Original languageEnglish (US)
Title of host publicationThe Diversity of Gastric Carcinoma
Subtitle of host publicationPathogenesis, Diagnosis, and Therapy
PublisherSpringer Tokyo
Pages87-96
Number of pages10
ISBN (Print)443121139X, 9784431211396
DOIs
StatePublished - Dec 1 2005

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Atrophy
Metaplasia
Gastric Stump
Stomach Neoplasms
DMP 777
Cell Lineage
Stomach
Mucous Membrane
Gastritis
Gastric Mucosa
Helicobacter pylori
Adenocarcinoma
Helicobacter felis
spasmolytic polypeptide
Secretory Proteinase Inhibitory Proteins
Brunner Glands
Bile Reflux
Duodenogastric Reflux
Helicobacter
Pepsinogen A

ASJC Scopus subject areas

  • Medicine(all)

Cite this

Yamaguchi, H., Lee, J. R., Goldenring, J. R., & Kaminishi, M. (2005). Fundic mucosal change associated with oxyntic atrophy. In The Diversity of Gastric Carcinoma: Pathogenesis, Diagnosis, and Therapy (pp. 87-96). Springer Tokyo. https://doi.org/10.1007/4-431-27713-7_5

Fundic mucosal change associated with oxyntic atrophy. / Yamaguchi, Hirokazu; Lee, Jeffrey R; Goldenring, James R.; Kaminishi, Michio.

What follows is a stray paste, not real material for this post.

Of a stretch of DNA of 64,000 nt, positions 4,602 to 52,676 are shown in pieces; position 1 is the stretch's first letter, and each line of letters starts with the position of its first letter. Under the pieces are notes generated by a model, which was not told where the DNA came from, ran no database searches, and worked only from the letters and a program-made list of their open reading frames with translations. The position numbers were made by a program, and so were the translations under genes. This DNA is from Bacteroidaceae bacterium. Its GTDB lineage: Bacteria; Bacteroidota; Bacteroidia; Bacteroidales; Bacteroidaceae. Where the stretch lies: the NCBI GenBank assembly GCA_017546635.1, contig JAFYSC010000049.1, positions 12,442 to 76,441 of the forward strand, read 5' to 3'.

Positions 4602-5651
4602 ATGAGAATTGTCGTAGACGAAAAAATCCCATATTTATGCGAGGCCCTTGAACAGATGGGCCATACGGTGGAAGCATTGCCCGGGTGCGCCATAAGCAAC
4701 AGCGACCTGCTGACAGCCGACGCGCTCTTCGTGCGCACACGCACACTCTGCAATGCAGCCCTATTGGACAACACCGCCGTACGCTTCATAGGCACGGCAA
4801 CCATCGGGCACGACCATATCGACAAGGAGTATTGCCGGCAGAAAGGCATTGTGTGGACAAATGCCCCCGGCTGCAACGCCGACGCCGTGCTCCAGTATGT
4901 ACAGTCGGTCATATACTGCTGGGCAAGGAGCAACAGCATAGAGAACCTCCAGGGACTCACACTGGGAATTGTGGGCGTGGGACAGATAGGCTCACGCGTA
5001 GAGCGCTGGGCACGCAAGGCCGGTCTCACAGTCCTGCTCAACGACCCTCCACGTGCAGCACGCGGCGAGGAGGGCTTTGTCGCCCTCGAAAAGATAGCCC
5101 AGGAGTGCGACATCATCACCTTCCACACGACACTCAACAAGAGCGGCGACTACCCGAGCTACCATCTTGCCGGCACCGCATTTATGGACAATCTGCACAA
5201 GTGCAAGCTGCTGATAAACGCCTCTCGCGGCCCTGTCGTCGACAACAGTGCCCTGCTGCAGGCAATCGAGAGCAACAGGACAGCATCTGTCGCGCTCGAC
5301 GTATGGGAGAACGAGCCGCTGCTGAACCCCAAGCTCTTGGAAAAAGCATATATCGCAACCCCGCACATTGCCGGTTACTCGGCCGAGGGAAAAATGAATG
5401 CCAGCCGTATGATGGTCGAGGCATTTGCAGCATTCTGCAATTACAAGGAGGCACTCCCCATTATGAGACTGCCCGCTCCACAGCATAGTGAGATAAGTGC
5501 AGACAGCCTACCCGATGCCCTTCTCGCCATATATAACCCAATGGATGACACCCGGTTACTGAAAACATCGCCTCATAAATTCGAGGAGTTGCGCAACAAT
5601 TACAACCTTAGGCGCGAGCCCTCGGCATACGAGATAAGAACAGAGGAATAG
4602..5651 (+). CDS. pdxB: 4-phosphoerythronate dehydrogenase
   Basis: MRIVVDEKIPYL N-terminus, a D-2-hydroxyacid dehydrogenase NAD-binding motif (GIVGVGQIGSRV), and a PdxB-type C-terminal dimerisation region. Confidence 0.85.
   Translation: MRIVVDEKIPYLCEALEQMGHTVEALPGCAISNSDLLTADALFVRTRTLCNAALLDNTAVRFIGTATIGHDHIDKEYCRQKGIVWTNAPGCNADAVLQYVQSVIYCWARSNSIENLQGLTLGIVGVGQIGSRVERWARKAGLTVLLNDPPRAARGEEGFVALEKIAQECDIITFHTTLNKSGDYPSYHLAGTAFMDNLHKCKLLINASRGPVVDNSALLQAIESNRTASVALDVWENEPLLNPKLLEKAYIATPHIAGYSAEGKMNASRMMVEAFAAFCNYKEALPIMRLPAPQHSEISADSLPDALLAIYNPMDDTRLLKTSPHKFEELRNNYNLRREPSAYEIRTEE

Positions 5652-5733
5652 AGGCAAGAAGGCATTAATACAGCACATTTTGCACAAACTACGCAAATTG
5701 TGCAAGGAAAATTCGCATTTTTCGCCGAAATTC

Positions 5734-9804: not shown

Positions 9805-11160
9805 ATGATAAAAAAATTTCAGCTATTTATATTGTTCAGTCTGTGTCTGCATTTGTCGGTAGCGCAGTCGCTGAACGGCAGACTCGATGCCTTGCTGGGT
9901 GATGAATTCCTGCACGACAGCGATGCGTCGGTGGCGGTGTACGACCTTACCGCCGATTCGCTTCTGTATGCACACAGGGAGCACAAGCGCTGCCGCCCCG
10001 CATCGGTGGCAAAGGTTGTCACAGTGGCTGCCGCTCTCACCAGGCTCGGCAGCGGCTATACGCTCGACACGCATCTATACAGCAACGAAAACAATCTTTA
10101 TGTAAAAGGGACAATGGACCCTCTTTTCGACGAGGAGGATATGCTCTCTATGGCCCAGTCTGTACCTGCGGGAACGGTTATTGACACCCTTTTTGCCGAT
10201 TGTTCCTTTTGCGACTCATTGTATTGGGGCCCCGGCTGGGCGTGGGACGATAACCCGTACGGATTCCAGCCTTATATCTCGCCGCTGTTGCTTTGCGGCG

The Diversity of Gastric Carcinoma: Pathogenesis, Diagnosis, and Therapy. Springer Tokyo, 2005. p. 87-96.

Research output: Chapter in Book/Report/Conference proceedingChapter

Yamaguchi, H, Lee, JR, Goldenring, JR & Kaminishi, M 2005, Fundic mucosal change associated with oxyntic atrophy. in The Diversity of Gastric Carcinoma: Pathogenesis, Diagnosis, and Therapy. Springer Tokyo, pp. 87-96. https://doi.org/10.1007/4-431-27713-7_5
Yamaguchi H, Lee JR, Goldenring JR, Kaminishi M. Fundic mucosal change associated with oxyntic atrophy. In The Diversity of Gastric Carcinoma: Pathogenesis, Diagnosis, and Therapy. Springer Tokyo. 2005. p. 87-96 https://doi.org/10.1007/4-431-27713-7_5
Yamaguchi, Hirokazu ; Lee, Jeffrey R ; Goldenring, James R. ; Kaminishi, Michio. / Fundic mucosal change associated with oxyntic atrophy. The Diversity of Gastric Carcinoma: Pathogenesis, Diagnosis, and Therapy. Springer Tokyo, 2005. pp. 87-96